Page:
We’re all trying to plan our holiday travel, But sometimes the most expensive – and most stressful – part of the travel experience is finding the best (and cheapest) flight. In may cases, we can spend hours browsing flight deals and loading various routes and prices trying to assemble the best possible deal with the fewest layovers, and it can get tiresome fast. But how do we really score the best price possible? It starts by planning ahead.
Let Your Budget Lead You
A great way to get the best deals when flying is to plan your flight around your budget, rather than the reverse. This means that you’ll start researching flights before, not after, locking in your dates. By picking your dates first, you may end up paying higher prices just because you’re locked into a certain day or time that is more expensive.
If you can be flexible with your dates, you may just find a span of dates that has a much better price range, as in as much as a thousand dollars better, if you’re flying overseas. You still get where you want to go, but you’ll do so for less when you aren’t locked into a specific time frame.
There’s a lot of differing advice on the best days or times to fly, but generally the best rates can be found by avoiding flying on the weekends. There are exceptions, but weekends are usually more expensive. Again, flexibility is key here. If you are able to start your trip on a Tuesday or Wednesday rather than a Friday or Saturday and consider a redeye or early morning flights, you can get a better deal.
The best flights to catch if you are looking to save are mid-week flights. “Statistically, Tuesday and Wednesday flights will offer travelers the best deals on airfare. Taking the first or last flights of the day is also a great way for travelers to save money, as these times are less popular. The first flights of the day are also typically the ones that leave on time, so for travelers looking to stick to a strict schedule this is an ideal time to fly,” said Jeff Klee, CheapAir.com CEO.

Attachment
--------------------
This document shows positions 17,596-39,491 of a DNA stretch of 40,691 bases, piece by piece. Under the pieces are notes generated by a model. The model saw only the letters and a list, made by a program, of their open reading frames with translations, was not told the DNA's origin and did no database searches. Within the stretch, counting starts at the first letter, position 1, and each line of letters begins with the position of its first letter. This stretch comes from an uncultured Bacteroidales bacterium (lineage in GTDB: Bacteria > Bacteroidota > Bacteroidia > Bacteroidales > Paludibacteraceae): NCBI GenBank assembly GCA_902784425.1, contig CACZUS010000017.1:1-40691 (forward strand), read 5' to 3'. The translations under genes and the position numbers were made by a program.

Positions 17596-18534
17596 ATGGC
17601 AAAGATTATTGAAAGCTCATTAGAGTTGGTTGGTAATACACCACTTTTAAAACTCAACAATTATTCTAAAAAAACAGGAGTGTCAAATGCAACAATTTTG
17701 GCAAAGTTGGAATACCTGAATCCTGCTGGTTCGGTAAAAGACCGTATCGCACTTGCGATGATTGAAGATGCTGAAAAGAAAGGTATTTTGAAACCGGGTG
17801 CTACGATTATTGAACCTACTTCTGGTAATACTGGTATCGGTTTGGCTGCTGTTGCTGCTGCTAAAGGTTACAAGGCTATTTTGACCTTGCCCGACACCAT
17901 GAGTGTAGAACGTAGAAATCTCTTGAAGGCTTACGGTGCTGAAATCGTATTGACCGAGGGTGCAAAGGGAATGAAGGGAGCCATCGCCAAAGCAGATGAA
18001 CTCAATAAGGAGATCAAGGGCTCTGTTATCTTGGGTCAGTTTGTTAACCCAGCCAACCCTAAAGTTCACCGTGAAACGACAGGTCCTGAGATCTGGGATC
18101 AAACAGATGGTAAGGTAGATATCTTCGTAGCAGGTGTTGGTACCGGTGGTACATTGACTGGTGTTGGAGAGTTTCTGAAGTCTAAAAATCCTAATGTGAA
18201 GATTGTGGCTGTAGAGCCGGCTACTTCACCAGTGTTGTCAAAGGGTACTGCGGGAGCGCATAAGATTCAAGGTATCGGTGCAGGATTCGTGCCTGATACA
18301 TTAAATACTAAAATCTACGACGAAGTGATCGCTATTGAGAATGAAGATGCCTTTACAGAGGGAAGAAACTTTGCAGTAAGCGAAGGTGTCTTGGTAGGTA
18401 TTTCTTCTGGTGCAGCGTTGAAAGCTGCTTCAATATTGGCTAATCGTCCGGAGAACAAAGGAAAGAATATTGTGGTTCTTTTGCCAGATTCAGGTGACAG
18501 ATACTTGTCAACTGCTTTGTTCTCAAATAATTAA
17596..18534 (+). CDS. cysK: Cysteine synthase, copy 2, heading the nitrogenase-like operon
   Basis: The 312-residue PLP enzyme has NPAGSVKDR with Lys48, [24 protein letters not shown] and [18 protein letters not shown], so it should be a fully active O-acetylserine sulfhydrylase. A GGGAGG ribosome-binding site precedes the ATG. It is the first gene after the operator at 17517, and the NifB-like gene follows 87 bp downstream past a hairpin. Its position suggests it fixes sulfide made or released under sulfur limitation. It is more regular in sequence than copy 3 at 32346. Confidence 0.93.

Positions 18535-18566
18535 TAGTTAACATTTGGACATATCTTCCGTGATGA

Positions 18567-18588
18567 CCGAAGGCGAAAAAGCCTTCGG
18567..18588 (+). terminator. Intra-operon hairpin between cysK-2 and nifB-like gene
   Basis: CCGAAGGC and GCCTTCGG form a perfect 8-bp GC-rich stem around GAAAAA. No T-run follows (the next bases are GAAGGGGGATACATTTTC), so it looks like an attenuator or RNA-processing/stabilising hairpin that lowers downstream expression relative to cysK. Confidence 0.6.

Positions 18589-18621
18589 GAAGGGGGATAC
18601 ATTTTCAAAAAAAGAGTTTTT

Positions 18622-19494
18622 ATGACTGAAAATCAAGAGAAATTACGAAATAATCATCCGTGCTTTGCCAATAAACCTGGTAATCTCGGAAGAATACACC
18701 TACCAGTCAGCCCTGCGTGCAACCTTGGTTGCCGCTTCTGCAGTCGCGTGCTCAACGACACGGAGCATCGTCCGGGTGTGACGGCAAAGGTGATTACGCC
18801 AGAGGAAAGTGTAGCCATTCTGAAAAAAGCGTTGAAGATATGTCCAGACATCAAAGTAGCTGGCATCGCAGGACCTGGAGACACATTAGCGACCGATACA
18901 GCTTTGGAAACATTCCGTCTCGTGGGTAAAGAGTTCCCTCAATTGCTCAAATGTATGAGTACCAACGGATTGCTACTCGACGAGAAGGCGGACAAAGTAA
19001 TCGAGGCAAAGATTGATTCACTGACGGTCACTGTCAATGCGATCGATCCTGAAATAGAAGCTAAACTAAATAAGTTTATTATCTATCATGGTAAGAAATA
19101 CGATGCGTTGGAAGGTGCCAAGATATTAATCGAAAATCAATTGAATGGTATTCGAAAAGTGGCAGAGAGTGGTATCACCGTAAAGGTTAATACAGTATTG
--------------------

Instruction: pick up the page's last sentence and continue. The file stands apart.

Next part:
Turn On Incognito Mode On Your Browser
Have you ever noticed that if as you continue to reload flight routes on the website of your airline of choice, the prices sometimes keep changing in the wrong direction as you do? Although no airline has ever admitted to price gouging as people refresh the page, some bargain travel experts have theorized that airlines may do this on purpose, because they are trying to convey a sense of urgency. If prices are climbing, even slightly, then travelers are more likely to feel like it’s urgent to lock in that fare ASAP. But if you clear your cookies in your browser, make your browser private, or search for deals using incognito mode, airlines won’t know you’ve been there before. It’s at least worth a shot to see what happens 🙂
Explore your options earlier, because the longer you wait, the more you may end up spending. “Our 2022 Domestic Airfare study found that the best day to buy flights is approximately 76 days out from your departure date. Another factor to consider, if you can plan ahead, is that the least expensive months to fly are January and February. This is likely due to the lack of travel demand after the holidays and before spring and summer vacation starts,” says Klee.